country comparison to the world: 71
    $98.54 billion (2011 est.)
    $90.98 billion (2010 est.)
    note: data are in 2012 US dollars
    $51.17 billion (2012 est.)
    8.2% (2012 est.)
    country comparison to the world: 18
    8.3% (2011 est.)
    8.5% (2010 est.)
    $3,600 (2012 est.)
    country comparison to the world: 171
    $3,400 (2011 est.)
    $3,200 (2010 est.)
    note: data are in 2012 US dollars
    household consumption: 55.7%
    government consumption: 16.6%
    investment in fixed capital: 23.5%
    investment in inventories: 4.9%
    exports of goods and services: 27.2%
    imports of goods and services: -27.9%
    (2011 est.)
    agriculture: 18.5%
    industry: 36.4%
    services: 45.1% (2012 est.)
    cotton, vegetables, fruits, grain; livestock
    textiles, food processing, machine building, metallurgy, mining, hydrocarbon extraction, chemicals
    7.7% (2012 est.)
    country comparison to the world: 24
    16.74 million (2012 est.)
    country comparison to the world: 37
    agriculture: 25.9%
    industry: 13.2%
    services: 60.9% (2012 est.)
    4.8% (2012 est.)
    country comparison to the world: 42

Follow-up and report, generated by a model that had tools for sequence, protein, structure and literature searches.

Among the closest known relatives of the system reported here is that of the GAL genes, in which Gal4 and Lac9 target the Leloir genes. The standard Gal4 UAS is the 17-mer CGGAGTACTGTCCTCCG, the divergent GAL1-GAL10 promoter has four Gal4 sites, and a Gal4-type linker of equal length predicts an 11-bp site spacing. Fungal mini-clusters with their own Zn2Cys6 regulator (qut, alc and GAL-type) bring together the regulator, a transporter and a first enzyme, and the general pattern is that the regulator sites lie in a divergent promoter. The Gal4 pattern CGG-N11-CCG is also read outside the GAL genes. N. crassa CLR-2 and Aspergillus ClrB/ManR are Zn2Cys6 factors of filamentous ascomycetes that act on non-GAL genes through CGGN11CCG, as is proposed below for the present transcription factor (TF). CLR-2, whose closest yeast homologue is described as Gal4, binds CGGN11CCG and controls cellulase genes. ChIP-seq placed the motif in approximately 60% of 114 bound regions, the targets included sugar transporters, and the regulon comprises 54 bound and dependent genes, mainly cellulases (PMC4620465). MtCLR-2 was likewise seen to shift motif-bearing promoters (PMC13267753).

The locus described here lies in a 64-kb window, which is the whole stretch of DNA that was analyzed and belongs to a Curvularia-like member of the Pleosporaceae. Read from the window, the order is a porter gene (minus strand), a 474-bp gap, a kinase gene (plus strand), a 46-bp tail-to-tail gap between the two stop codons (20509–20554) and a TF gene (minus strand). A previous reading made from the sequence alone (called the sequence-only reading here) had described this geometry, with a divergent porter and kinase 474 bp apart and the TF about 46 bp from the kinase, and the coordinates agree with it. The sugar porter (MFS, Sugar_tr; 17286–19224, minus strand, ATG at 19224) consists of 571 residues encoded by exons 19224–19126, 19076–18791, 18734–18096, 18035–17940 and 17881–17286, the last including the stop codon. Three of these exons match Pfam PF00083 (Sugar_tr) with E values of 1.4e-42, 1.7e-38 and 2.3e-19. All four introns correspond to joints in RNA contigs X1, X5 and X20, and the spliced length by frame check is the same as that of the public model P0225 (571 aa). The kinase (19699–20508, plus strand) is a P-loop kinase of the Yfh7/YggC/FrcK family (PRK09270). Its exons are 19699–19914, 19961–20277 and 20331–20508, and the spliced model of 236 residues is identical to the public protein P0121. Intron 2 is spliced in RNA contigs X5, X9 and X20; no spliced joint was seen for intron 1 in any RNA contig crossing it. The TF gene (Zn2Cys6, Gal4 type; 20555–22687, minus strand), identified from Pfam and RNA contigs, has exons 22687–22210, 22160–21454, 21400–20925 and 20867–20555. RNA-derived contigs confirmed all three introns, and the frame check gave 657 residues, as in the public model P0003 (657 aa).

5% (2011 est.)
    note: officially measured by the Ministry of Labor, plus another 20% underemployed
    17% (2011 est.)
    lowest 10%: 2.8%
    highest 10%: 29.6% (2003)
    36.8 (2003)
    country comparison to the world: 79
    44.7 (1998)
    revenues: $17.08 billion
    expenditures: $16.86 billion (2012 est.)
    33.4% of GDP (2012 est.)
    country comparison to the world: 74
    0.4% of GDP (2012 est.)
    country comparison to the world: 39
    8.8% of GDP (2012 est.)
    country comparison to the world: 143
    9.1% of GDP (2011 est.)
    calendar year
    12.7% (2012 est.)
    country comparison to the world: 207
    12.8% (2011 est.)
    note: official data; based on independent analysis of consumer prices, inflation reached 22% in 2012
    $5.841 billion (31 December 2012 est.)
    country comparison to the world: 93
    $5.087 billion (31 December 2011 est.)
    $8.31 billion (31 December 2011 est.)
    country comparison to the world: 112
    $7.197 billion (31 December 2010 est.)
    $7.064 billion (31 December 2012 est.)
    country comparison to the world: 109
    $6.523 billion (31 December 2011 est.)
    $NA (31 December 2012)
    country comparison to the world: 109
    $715.3 million (31 December 2006)